The brook trout (Salvelinus fontinalis) is a species of freshwater fish in the salmon family Salmonidae. It is native to Eastern North America in the United States and Canada, but has been introduced elsewhere in North America and to additional continents. In parts of its range, it is additionally known as the eastern brook trout, speckled trout, brook charr, squaretail, or mud trout, amongst others.[3] A potamodromous population in Lake Superior is known as coaster trout or, simply, as coasters. The brook trout is the state fish of nine states: Michigan, New Hampshire, New Jersey, New York, North Carolina, Pennsylvania, Vermont, Virginia, and West Virginia, and the Provincial Fish of Nova Scotia in Canada.

Systematics and taxonomy

The brook trout was first scientifically described as Salmo fontinalis by the naturalist Samuel Latham Mitchill in 1814. The specific epithet "fontinalis" comes from the Latin for "of a spring or fountain", in reference to the clear, cold streams and ponds in its native habitat. The species was later moved to the char genus Salvelinus. Though commonly called a trout, the brook trout is thus actually one of the chars, which in North America additionally include the lake trout, bull trout, Dolly Varden, and the Arctic char.

There is little recognised systematic substructure in the brook trout, but two subspecies have been proposed. On the additional hand, three ecological forms are distinguished.


The aurora trout, S. f. timagamiensis, is a subspecies native to two lakes in the Temagami District of Ontario, Canada.[4] The silver trout, (Salvelinus agassizii or S. f. agassizii), is an extinct trout species or subspecies last seen in Dublin Pond, New Hampshire, in 1930.[5] It is considered by fisheries biologist Robert J. Behnke as a highly specialised form of brook trout.

Ecological forms

Robert J. Behnke describes three ecological forms of the brook trout. A large lake form evolved in the larger lakes in the northern reaches of its range and are ordinarily piscivorous as adults. A sea-run form that migrates into saltwater for short periods of time to feed evolved along the Atlantic coastline. Finally, a smaller generalist form that evolved in the small lakes, ponds, rivers, and streams throughout most of the original native range. This generalist form rarely attains sizes larger than 12 in (30 cm) or lives for more than three years. All three forms have the same general appearance.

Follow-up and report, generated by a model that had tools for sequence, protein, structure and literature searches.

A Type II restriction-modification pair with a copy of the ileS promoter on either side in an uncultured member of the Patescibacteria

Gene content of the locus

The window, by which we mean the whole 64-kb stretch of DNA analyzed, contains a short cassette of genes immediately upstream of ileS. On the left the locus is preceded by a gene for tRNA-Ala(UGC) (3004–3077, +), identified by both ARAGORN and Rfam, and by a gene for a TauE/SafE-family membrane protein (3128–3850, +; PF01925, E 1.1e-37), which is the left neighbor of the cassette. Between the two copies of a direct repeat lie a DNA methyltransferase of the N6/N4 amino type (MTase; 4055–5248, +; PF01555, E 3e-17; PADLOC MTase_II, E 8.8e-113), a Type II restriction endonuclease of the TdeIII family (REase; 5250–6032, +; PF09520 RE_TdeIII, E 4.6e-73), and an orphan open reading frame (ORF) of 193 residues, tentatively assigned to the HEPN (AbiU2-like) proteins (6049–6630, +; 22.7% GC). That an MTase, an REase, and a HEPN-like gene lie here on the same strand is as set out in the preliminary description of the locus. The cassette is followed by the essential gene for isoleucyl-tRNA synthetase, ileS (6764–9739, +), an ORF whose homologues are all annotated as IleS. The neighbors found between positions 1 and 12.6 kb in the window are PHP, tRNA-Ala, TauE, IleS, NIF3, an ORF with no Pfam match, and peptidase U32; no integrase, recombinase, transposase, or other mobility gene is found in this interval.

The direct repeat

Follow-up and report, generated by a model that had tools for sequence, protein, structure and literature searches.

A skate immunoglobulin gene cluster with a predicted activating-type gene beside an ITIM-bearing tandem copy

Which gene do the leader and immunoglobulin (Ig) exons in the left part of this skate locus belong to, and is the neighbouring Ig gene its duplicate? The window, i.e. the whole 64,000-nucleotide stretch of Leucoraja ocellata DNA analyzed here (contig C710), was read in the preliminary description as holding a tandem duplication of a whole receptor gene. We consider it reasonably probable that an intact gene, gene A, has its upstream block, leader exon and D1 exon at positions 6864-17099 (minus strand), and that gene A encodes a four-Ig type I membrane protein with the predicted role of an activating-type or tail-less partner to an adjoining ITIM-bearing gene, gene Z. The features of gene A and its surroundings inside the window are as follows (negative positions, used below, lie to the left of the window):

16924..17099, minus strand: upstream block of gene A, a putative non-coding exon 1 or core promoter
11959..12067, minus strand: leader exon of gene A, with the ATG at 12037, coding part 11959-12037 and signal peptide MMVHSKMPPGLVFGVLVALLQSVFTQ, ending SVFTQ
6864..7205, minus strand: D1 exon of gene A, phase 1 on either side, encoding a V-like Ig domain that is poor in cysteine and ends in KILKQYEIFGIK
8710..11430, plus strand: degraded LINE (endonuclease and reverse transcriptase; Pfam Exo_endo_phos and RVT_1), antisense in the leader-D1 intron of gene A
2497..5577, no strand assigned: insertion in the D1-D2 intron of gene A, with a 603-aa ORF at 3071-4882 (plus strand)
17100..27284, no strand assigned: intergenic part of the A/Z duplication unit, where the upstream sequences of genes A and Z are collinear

The brook trout produces hybrids both with its congeners Salvelinus namaycush and Salvelinus alpinus, and intergeneric hybrids with Salmo trutta.[7]

The splake is an intrageneric hybrid between the brook trout and lake trout (S. namaycush). Although uncommon in nature, they're artificially propagated in substantial numbers for stocking into brook trout or lake trout habitats.[8] Although they're fertile, back-crossing in nature is behaviorally problematic and quite little natural reproduction occurs. Splake grow more than brook trout and become piscivorous sooner and are more tolerant of competitors than brook trout.[2]

The tiger trout is an intergeneric hybrid between the brook trout and the Eurasian brown trout (Salmo trutta). Tiger trout occur quite rarely naturally, but are at times artificially propagated. Such crosses are almost always reproductively sterile. They are popular with a large number of fish-stocking programmes because they can grow quickly, and might help keep rough fish populations in cheque due to their highly piscivorous (fish-eating) nature.[2]

The sparctic char is an intrageneric hybrid between the brook trout and the Arctic char (S. alpinus).[11]


The brook trout has a dark green to brown color, with a distinctive marbled pattern (called vermiculation) of lighter shades across the flanks and back and extending at least to the dorsal fin, and most often to the tail. A distinctive sprinkling of red dots, surrounded by blue halos, occurs along the flanks. The belly and lower fins are reddish in color, the latter with white leading edges. Often, the belly, particularly of the males, becomes quite red or orange when the fish are spawning.

Typical lengths of the brook trout vary from 25 to 65 cm (9.8 to 25.6 in), and weights from 0.3 to 3 kg (0.66 to 6.61 lb). The maximum recorded length is 86 cm (34 in) and maximum weight 6.6 kg (15 lb). Brook trout can reach at least seven years of age, with reports of 15-year-old specimens observed in California habitats to which the species has been introduced. Growth rates are dependent on season, age, water and ambient air temperatures, and flow rates. In general, flow rates affect the rate of change in the relationship between temperature and growth rate. For instance, in spring, growth increased with temperature at a faster rate with high flow rates than with low flow rates.[2]